Interval partitioning

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Interval partitioning is a partitioning method introduced in Oracle 11g. This is a helpful addition to range partitioning where Oracle automatically creates a partition when the inserted value exceeds all other partition ranges.

The following restrictions apply:

  • You can only specify one partitioning key column, and it must be of NUMBER or DATE type.
  • Interval partitioning is NOT supported for index-organized tables.
  • You can NOT create a domain index on an interval-partitioned table.

[edit] Test case

Let start it from here:

SQL> conn hr/hr
Connected.

Here we create a table with range partition on the SALARY column.

SQL> create table test
 2      (sno number(6),
 3      last_name varchar2(30),
 4      salary number(6))
 5      partition by range(salary)
 6     (
 7  partition p1 values less than (5000),
 8  partition p2 values less than (10000),
 9  partition p3 values less than (15000),
10  partition p4 values less than (20000));

Table created.

Let insert some records into test table.

SQL> insert into test
    select employee_id,last_name,salary from employees
    where last_name not like '%K%';

101 rows created.

SQL> select table_name,partition_name,num_rows
 2  from user_tab_partitions
 3  where table_name='TEST';

TABLE_NAME                     PARTITION_NAME                   NUM_ROWS
------------------------------ ------------------------------ ----------
TEST                           P1
TEST                           P2
TEST                           P4
TEST                           P3

SQL> exec dbms_stats.gather_table_stats('HR','TEST');

PL/SQL procedure successfully completed.

SQL> select table_name,partition_name,num_rows
    from user_tab_partitions
    where table_name='TEST';

TABLE_NAME                     PARTITION_NAME                            NUM_ROWS
------------------------------ ------------------------------ 		   ----------
TEST             			P1                                     48
TEST             			P2                                     37
TEST         		                P4                                      1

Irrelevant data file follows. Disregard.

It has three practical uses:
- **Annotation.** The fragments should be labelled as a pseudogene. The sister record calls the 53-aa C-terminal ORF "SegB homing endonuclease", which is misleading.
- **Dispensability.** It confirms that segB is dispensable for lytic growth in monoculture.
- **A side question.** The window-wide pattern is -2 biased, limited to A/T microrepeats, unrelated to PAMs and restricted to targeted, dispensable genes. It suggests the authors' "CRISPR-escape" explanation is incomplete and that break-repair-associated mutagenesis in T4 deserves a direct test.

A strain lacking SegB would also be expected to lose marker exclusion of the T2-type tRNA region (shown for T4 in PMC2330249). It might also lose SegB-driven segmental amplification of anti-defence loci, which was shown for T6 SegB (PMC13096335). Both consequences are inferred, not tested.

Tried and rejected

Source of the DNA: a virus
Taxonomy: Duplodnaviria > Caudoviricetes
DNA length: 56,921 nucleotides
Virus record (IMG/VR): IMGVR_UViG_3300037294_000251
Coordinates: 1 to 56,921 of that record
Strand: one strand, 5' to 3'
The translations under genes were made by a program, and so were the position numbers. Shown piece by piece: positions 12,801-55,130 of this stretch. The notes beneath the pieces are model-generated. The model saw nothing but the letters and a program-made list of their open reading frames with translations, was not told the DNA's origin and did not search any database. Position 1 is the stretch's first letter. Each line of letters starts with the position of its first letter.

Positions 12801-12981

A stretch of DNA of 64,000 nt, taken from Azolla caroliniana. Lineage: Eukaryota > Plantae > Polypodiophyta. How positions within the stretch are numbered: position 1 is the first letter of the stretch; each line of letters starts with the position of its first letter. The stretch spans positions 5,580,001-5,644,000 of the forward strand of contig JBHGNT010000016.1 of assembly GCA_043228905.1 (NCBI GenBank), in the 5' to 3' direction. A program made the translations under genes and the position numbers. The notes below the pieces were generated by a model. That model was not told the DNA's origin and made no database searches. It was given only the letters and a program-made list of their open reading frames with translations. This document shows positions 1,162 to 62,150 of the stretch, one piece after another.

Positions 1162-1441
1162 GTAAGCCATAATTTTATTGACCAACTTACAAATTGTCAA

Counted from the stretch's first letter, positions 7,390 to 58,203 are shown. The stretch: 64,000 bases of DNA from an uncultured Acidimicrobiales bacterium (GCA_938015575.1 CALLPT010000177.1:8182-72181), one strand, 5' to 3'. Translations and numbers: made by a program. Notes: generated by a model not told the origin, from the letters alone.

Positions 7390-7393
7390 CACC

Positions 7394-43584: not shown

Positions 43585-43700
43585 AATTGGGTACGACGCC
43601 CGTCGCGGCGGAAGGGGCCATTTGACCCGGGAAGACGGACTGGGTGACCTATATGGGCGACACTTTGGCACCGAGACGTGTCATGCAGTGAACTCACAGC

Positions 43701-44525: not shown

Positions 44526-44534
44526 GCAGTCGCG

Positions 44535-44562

TEST         		                P3                                     15

As we know the data which we inserted obeyed all rules defined for partitions. Let see what happens:

SQL> insert into test
         values
         (1,'Michel',25000);
insert into test *
ERROR at line 1:
ORA-14400: inserted partition key does not map to any partition

Note the 14400 error.

ORA-14400:
inserted partition key does not map to any partition
Cause:
An attempt was made to insert a record into, a Range or Composite Range object, with a concatenated partition key that is beyond the concatenated partition bound list of the last partition -OR- An attempt was made to insert a record into a List object with a partition key that did not match the literal values specified for any of the partitions.
Action:
Do not insert the key. Or, add a partition capable of accepting the key, Or add values matching the key to a partition specification.

Now in 11g, Oracle introduced new partition type called INTERVAL PARTITIONING. So now I am going to check what the benefits of interval partitioning are.

First I will drop mine existing TEST table.

SQL> drop table test purge;
Table dropped.

SQL> create table test
 2          (sno number(6),
 3          last_name varchar2(30),
 4          salary number(6))
 5          partition by range(salary)
 6          Interval  (5000)
 7         (
 8      partition p1 values less than (5000),
 9      partition p2 values less than (10000),
10     partition p3 values less than (15000),
11     partition p4 values less than (20000));

Table created.

Let check the partition names.

SQL> select table_name,partition_name
   From user_tab_partitions